Roger Ailes is no longer chairman on Fox News, effectively bought off by Rupert Murdoch’s young heir-apparent sons after settling numerous sexual harassment charges levied on him and the network. Glenn Beck left Fox News after an acrimonious fallout between him and executives in 2012. Although his startup online organization known as The Blaze is seen as a viable alternative to Fox News, even Mr. Beck has professed shock and dismay at the ascendance of Donald Trump. Rush Limbaugh has seen his listenership steadily decline in the face of more able and congenial radio hosts such as Mark Levin and Charlie Sykes, while Tomi Lahren and Alex Jones have fallen from their own personal grace by either failing to toe the line (Lahren) or seeming to admit that their show is nothing but an act (Jones).

This all pales in comparison to the realization that accusations of harassment and victim shaming on the part of the network to protect their star host have been swirling around O’Reilly and Fox News for more than a decade now. That this new environment finally produced the necessary ingredients to force his ouster is a sad reminder of how far we have come and how far we still have left to go.

Recent accusations of sexual harassment from Fox News personalities such as Gretchen Carlson (left) have led to a rash of departures of key high-profile on-air talent such as Megyn Kelly (right) to more mainstream media networks such as NBC.

This article, however, is not about how prolific the conservative media landscape is or the concurrent dearth of mainstream progressive media sources (thankfully free of harassment!) but rather about how these titanic shifts in our media landscape came about. As you have all probably read, O’Reilly’s recent ouster was the result of over fifty high-dollar TV sponsors pulled their ads from the 9 p.m. O’Reilly Factor time slot. This tendency to only pull a controversial figure when sponsors begin to pull their money is not new in our recent history.

The recent spate of child and domestic abuse scandals in the NFL, the ouster of Don Imus from his radio show, and even President Trump’s rare moment of contrition (at least seeming to be) when the Hollywood Access tape was released were all the product of major advertisers making their dissatisfaction known after intense public pressure to do so. It is an alarming trend that seems to have become quite predictable once a scandal begins to gain traction. You can pretty much bank that once major sponsors like automobile and pharmaceutical companies, along with the added online company or two, begin to release statements of condemnation, it’s merely a matter of time before that host, issue, or scandal comes to a head.

But although these moments, such as the departure of Bill O’Reilly, stand as important reminders of the new world that has evolved over the past decade, it is wrong to credit that change simply to the fact that companies have simply dropped their advertising or sponsorship. Such narratives promote the false impression that Fortune 500 companies are the true guardians of civilization and decency rather than what they really are. At the end of the day companies such as Daimler-Chrysler, Amazon, and Viagra are just companies—entities and organizations created for the simple purpose of making money and little else. They cannot decry injustice any more than a simple plant or a park bench can read. They’re simply not set up for that. The idea that these companies have been imbued with such abilities to strip power from others is not only preposterous but dangerous as well.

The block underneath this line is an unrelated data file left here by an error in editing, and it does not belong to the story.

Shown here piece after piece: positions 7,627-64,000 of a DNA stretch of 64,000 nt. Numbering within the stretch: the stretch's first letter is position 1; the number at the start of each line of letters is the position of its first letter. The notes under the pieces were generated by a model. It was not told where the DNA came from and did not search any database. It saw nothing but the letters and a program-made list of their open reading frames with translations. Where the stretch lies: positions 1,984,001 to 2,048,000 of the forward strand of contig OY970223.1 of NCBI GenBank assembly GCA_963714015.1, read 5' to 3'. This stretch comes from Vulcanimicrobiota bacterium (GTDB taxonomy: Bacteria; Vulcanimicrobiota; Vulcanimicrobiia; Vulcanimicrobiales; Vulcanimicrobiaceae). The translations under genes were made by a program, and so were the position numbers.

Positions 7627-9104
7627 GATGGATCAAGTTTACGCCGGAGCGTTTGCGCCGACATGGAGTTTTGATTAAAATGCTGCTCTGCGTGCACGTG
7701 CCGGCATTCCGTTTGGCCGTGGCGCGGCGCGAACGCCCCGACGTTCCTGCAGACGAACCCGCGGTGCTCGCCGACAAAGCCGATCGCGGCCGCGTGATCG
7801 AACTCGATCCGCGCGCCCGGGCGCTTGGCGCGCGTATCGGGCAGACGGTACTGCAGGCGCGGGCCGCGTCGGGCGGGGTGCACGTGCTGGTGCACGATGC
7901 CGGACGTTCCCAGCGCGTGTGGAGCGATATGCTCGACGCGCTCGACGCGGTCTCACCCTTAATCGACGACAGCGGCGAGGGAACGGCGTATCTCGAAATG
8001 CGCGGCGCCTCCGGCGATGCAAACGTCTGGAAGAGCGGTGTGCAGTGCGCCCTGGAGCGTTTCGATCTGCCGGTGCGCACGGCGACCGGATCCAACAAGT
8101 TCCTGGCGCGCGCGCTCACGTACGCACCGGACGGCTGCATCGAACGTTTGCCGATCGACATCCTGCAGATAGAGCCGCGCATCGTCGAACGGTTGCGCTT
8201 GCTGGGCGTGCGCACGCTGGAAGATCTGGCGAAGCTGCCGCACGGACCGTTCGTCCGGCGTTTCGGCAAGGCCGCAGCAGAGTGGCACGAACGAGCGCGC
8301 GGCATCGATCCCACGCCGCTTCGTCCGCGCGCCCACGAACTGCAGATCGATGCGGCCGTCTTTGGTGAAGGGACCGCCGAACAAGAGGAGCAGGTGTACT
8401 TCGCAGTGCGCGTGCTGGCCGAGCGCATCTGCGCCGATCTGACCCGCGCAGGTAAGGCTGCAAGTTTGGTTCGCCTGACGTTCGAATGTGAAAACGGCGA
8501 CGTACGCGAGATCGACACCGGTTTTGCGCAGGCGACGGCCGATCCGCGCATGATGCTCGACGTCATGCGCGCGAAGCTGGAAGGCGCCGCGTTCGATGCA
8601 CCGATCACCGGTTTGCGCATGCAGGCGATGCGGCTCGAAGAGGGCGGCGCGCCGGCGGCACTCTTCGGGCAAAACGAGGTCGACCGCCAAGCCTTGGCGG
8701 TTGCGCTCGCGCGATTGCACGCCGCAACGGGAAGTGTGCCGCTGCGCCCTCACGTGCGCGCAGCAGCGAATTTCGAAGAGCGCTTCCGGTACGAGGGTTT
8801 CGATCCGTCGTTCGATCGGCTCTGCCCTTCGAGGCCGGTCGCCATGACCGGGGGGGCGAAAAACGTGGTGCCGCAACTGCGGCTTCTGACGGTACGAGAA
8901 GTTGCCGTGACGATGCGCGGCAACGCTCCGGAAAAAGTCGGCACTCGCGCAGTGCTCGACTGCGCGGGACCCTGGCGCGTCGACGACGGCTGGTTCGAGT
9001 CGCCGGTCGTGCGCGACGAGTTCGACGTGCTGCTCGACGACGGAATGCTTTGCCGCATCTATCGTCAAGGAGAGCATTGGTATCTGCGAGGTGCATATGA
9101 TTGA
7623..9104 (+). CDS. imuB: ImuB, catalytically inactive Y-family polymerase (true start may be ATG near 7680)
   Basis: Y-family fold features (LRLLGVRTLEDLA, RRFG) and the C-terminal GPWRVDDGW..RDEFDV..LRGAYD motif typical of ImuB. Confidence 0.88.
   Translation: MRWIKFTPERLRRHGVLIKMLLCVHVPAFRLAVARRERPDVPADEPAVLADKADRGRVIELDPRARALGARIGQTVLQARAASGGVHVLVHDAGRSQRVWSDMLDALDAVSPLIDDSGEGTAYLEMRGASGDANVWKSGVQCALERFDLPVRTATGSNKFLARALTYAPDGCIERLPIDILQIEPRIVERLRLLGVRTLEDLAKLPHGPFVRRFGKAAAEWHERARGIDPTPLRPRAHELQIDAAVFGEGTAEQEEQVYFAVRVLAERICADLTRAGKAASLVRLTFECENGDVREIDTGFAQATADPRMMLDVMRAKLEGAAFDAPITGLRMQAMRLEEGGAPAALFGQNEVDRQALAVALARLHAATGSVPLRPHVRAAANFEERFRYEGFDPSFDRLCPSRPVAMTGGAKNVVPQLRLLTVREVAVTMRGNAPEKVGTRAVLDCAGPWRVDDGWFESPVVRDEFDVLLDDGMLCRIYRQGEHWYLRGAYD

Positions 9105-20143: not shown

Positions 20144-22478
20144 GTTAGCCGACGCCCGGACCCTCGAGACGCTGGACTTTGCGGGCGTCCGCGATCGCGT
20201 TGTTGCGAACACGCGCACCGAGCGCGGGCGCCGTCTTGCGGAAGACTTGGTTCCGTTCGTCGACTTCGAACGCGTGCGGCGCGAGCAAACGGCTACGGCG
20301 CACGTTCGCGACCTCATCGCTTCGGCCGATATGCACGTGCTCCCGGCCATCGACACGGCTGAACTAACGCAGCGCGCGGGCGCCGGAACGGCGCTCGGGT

It speaks to a larger issue that we all must confront in the post–Citizens United era. Not only should we reassess what makes a citizen, but we must also seriously look at the emerging narrative that companies should be counted among those privileged few who influence elections and voting through their contributions and policies. This is not as academic a debate as some might rightly assume it to be. I for one do not consider myself to be the equal of McDonald’s or Sherman-Williams. They cannot think, they cannot reason, they cannot judge, and, most important of all, they do not breathe, sleep, eat, or talk.

The real credit for O’Reilly’s ouster should instead go to the thousands of people—like you and me—who pressured those advertisers to pull their funding. It was they who put the screws on such companies as Geico, Subaru, and Lumber Liquidators, which together accounted for $35 million dollars in losses to Fox News’s bottom line. The scandal also stood in the way of the Murdoch brothers’ plan to acquire SKY News, purportedly an $11 billion transaction, which the brothers are desperate to complete. In all, it was a combination of the money and bad PR that did O’Reilly in.

Calls for O’Reilly’s departure from Fox News had been steadily increasing after the first allegations came to light in 2004. In the end the loss of nearly $35 million in ad revenue is what did him in—despite numerous protests and petitions from ordinary citizens, as seen above.

Sadly, the work of those activists who pressured these companies has been ignored in this narrative. But I would like to salute them here, not only for their persistence and perseverance in making O’Reilly accountable for his actions but also for every time some controversy flares and requires our attention. If only our government could respond with the same speed and heft as companies as Credit Karma and Allstate (no offense).

Meanwhile, young progressive commentators continue to flourish both online and across various social media outlets. Here the Young Turks’ host Cenk Uygur (far left) and politics reporter Nomiki Konst (far right) are flanked by actress Rosario Dawson (center left) and immigrant-rights advocate Linda Sarsour (center right).

So next time a major scandal occurs on the airwaves, remember the secret ingredient to make the wheels of change happen. Once companies begin abandoning ship, the drumbeat for change will not be far behind. Although this is a practical reality to the way things work now, we must never forget that it is we the citizens, we the taxpayers, and, yes, we the people who are the real power behind our moral social order. It’s time we start reminding the politicians, CEOs and TV executives of that.